Welcome to the ANP 429 Ethnographic Field Methods Final Project!


 

This course was taught by Dr. Emily Riley in MSU’s Department of Anthropology. Students were asked to conduct an ethnographic case study involving interviews, fieldnotes from observations, and primary source research. With the help of LEADR, the students then created individual pages that you can discover here, ranging in various topics and populations on campus that were of interest to them.

  1. Multimedia report (i.e. online materials summarizing your methods and findings, in the form of written text, audio, video, and photos, and other documents)

– This is going to be the bulk of your findings in the form of voice-recorded interviews and transcriptions followed by an essay-style analysis written from an anthropological perspective. You will weave the kind of ‘thick’ descriptions we talked about in class with quotes from your participants/interviews into a narrative that is accessible to a wide-audience. This narrative is designed to discuss the particular group and specific question/theme that you have chosen for your project in a compelling way with rich background information from a diverse set of supporting materials. These may include: photos of your observations of their activities or portraits, organized fieldnotes, primary sources such as archived photos of buildings, organization members written accounts or photos. Other methods could be partaking in an activity with someone whilst they narrate that activity/behavior.

Components of the final project (webpage)

 

  1. Participant observations (utilize fieldnotes for the detailed description used in your essay)

 

  1. 3 semi-structured interviews with key informants. Use quotes from your interviews throughout your narrative

 

  1. Background research: scholarly sources (secondary sources) from class, from your mini-assignment 2 initial research search (these will be used to support your discussion of the project, the conclusions you make from your interviews and general research) 2-3 sources.

 

  1. Primary sources: 2-3 primary sources such as archival documents, surveys, documentation from online sources, historical photos not taken by you, advertisements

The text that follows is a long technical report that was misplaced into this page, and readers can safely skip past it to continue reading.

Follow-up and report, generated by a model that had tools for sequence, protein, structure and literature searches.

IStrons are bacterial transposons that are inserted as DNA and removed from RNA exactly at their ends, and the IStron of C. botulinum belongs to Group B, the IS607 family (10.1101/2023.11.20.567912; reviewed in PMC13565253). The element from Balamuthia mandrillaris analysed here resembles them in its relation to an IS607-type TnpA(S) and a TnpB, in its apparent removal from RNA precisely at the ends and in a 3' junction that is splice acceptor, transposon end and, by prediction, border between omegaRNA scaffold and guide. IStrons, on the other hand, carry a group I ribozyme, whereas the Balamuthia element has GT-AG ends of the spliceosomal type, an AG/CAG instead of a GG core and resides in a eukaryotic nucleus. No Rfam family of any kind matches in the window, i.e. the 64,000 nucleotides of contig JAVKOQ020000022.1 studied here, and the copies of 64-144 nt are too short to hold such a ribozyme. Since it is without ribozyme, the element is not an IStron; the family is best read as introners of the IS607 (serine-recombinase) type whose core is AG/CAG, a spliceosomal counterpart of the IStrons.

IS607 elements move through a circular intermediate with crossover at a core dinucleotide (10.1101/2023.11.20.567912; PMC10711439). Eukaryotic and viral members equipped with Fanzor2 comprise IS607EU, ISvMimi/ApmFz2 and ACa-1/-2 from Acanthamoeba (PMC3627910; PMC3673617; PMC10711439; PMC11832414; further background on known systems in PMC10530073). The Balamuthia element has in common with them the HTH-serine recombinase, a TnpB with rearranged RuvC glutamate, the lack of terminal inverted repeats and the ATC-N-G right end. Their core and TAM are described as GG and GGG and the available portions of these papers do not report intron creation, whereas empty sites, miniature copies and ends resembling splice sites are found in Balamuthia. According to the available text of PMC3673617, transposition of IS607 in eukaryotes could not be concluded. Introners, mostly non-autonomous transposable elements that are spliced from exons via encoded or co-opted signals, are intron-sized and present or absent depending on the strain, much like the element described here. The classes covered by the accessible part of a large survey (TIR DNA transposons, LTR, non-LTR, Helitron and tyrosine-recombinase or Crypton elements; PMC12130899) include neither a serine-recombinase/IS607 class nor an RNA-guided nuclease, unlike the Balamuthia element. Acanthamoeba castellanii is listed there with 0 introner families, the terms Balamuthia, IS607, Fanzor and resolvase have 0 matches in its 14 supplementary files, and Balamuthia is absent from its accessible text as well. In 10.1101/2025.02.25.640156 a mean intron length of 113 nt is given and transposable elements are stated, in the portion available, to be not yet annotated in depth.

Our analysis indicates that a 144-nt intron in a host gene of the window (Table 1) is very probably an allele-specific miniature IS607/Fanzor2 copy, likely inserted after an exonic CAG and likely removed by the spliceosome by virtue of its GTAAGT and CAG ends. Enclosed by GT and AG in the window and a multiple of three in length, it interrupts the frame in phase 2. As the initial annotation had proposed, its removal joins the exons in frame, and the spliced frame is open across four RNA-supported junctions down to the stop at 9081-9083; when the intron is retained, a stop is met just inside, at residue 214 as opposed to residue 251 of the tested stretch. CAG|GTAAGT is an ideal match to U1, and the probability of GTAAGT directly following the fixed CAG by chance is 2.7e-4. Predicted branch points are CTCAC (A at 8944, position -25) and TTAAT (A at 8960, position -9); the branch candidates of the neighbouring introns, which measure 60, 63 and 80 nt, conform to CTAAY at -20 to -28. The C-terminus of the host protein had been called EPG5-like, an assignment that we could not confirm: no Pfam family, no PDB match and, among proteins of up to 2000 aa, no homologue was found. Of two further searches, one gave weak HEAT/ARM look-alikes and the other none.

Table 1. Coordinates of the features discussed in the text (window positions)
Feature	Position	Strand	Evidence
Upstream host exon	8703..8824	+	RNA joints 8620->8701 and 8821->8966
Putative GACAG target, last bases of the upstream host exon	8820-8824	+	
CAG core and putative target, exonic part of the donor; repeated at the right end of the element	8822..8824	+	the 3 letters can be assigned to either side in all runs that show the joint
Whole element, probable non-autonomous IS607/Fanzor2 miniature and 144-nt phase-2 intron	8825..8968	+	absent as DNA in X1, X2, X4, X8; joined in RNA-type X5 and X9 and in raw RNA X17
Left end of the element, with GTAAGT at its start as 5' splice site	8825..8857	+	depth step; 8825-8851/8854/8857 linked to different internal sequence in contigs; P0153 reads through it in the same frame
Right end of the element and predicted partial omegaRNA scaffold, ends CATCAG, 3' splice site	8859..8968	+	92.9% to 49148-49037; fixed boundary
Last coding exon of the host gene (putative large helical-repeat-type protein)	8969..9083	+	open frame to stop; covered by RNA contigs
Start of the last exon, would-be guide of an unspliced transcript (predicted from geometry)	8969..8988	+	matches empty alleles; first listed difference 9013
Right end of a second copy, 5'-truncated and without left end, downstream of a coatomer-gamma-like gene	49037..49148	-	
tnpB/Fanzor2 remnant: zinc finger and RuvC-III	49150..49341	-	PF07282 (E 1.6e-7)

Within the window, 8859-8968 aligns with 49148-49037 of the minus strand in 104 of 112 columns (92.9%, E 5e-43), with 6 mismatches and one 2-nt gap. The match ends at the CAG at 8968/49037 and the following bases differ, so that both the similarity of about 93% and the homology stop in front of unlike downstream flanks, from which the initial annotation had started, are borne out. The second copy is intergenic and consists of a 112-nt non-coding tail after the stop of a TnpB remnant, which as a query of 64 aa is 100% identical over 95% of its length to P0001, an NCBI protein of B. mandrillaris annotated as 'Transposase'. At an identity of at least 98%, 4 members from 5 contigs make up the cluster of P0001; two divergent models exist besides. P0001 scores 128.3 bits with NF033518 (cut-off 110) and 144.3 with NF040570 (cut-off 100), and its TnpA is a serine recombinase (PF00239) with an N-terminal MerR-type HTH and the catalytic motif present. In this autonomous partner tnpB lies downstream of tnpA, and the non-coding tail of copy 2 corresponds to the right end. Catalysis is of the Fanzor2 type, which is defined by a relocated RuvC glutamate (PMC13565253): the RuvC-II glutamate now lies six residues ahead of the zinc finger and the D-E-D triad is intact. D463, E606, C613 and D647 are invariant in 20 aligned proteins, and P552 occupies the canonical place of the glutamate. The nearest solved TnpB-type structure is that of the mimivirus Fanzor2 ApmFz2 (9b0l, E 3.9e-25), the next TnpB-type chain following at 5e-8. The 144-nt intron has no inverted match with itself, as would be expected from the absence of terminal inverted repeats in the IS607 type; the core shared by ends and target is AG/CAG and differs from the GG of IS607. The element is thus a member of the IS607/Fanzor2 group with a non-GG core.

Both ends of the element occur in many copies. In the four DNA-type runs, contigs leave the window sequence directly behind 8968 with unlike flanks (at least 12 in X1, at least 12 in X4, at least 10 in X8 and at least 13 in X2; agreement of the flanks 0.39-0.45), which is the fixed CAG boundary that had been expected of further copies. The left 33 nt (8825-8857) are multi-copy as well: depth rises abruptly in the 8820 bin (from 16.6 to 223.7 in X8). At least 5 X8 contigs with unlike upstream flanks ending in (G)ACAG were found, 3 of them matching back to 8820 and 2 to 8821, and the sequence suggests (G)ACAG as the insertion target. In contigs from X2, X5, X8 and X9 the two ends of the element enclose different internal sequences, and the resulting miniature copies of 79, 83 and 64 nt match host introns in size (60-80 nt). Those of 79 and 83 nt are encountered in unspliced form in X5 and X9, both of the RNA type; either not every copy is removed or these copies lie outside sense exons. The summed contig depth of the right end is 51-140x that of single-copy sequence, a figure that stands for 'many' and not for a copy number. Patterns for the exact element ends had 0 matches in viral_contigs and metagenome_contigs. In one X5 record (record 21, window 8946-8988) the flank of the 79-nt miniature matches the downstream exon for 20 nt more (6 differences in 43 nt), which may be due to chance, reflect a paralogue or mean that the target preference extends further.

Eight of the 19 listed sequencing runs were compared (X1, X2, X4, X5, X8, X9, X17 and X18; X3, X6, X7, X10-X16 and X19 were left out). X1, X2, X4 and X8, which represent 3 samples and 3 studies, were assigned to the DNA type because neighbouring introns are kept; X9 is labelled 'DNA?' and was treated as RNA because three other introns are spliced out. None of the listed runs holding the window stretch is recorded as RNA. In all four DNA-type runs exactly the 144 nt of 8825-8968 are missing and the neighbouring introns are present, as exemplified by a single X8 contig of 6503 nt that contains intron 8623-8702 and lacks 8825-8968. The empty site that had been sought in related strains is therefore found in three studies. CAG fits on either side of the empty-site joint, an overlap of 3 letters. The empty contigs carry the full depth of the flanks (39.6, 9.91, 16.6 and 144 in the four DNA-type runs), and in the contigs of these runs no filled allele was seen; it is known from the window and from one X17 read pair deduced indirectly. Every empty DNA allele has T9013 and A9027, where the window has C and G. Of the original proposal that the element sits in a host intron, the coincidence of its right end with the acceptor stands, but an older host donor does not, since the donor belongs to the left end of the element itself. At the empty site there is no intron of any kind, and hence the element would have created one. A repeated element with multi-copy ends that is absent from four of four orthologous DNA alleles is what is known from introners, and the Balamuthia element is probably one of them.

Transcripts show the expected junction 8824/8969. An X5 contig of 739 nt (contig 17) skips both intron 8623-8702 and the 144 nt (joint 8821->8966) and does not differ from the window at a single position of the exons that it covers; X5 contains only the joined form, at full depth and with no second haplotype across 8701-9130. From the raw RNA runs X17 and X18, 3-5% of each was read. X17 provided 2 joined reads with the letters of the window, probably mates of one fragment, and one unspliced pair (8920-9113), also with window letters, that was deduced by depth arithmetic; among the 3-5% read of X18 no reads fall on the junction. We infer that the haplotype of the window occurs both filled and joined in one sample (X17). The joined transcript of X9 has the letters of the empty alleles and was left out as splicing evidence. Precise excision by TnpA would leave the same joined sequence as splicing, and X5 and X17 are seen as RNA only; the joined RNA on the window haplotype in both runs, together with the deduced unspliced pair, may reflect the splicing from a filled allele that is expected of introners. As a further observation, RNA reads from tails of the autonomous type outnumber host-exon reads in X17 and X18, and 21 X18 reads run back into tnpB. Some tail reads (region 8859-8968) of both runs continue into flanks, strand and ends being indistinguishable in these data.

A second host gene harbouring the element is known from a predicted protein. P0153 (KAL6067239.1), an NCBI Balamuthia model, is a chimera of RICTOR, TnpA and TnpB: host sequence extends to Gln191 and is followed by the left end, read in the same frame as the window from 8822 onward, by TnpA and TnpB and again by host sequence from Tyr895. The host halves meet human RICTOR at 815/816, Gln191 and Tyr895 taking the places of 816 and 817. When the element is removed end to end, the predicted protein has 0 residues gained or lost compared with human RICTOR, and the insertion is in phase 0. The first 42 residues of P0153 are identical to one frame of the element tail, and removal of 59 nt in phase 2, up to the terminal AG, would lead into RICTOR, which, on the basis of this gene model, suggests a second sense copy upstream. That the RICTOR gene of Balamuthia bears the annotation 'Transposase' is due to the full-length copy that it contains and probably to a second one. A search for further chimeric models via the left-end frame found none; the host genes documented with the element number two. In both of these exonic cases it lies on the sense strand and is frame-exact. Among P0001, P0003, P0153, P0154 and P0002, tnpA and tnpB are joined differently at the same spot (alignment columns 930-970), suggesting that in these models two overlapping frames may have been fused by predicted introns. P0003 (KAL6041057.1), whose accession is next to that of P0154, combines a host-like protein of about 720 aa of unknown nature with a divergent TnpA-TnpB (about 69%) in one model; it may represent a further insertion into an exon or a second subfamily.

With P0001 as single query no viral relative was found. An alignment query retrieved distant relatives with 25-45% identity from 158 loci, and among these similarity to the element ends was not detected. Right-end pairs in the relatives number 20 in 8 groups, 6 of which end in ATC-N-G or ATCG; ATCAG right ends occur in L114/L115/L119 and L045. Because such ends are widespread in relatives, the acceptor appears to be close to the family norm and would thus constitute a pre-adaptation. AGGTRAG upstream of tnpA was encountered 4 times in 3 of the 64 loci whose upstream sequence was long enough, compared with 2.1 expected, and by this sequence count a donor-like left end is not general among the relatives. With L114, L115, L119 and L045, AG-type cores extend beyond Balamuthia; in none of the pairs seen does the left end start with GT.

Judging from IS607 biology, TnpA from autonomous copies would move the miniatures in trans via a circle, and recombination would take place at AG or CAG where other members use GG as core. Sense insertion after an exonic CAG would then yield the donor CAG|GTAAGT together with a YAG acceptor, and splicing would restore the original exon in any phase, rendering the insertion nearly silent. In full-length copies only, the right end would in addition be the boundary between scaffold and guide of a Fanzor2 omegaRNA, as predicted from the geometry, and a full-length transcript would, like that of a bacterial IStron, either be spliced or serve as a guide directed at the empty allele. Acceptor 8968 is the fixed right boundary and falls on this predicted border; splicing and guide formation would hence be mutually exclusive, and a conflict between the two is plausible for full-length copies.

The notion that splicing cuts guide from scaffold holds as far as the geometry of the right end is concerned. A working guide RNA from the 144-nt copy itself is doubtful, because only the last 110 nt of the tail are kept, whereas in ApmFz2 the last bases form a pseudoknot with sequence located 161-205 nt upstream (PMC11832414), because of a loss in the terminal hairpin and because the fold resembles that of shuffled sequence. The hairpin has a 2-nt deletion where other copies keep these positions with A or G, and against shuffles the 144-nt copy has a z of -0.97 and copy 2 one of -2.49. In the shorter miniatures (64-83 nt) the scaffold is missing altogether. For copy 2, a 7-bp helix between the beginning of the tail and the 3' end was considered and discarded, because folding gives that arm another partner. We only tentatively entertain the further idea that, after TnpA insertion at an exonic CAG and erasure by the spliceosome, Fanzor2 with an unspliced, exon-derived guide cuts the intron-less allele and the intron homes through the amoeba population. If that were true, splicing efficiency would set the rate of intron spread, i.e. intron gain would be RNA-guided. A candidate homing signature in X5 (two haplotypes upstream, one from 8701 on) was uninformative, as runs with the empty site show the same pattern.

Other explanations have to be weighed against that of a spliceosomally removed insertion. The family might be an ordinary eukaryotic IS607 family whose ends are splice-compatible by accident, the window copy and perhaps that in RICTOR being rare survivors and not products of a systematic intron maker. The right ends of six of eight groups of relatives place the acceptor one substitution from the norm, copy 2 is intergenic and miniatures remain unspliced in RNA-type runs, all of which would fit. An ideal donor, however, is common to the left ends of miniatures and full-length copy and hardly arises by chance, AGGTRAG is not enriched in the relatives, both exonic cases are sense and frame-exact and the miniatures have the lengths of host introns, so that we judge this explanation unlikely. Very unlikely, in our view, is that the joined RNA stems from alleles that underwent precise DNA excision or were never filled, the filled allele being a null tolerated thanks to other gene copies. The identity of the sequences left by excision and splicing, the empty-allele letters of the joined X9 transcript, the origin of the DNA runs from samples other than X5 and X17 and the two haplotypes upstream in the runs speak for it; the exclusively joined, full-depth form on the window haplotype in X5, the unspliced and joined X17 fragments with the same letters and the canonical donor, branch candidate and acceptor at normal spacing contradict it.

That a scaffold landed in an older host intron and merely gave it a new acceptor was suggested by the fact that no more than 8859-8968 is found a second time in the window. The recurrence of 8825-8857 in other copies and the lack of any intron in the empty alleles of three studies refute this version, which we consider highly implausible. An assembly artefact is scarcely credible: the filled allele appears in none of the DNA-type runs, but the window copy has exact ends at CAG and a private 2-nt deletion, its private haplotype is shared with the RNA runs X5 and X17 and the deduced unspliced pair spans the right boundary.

Narrative flow:

 

  1. Working Title

 

  1. Video giving an oral presentation and tour of your project

 

  1. Topic Statement: Explain the theme of your study and who the population is you are researching. Specify your research aim and question (as we have done from the beginning of the course) as well as a working hypothesis and explanation for your interest in this topic. (500 words)

 

  1. Main body of essay/narrative: This is where you will develop the various themes you have discovered throughout your observations and interviews with the specified population. Draw upon quotes and observations to demonstrate personal experiences with your topic as well as secondary and primary sources to contextualize the insights from your observations and the voices of your participants. 1500-2000 words)

 

  1. Conclusions/reflections: At the end of your essay you should discuss your findings, making direct reference to aspects of your essay as evidence for your conclusion. You may discuss a specific theoretical finding, reflect on the process of doing the ethnographic project, or offer a next step for further research, providing your rationale. (500-1000)

 

Introductory Video Format:

 

Film a 5-minute introductory video that is a tutorial style tour of your webpage. The components include:

  1. introduce yourself: who are you, what is your major and why you are taking this class

 

  1. what the project is, and what the nature of your study is (i.e. your research population and question you are interested in), why it is of interest to you

 

  1. talk about the contents of your project, what your audience might find while looking through your webpage and what you hope they get out of (i.e. what is the take away/purpose of your project? What do you want your audience learn from browsing your webpage and reading your essay?)

 

  1. general categorization of the materials you have supplied on the webpage (explain that you have provided audio clips from interviews and photos of an activity, and why)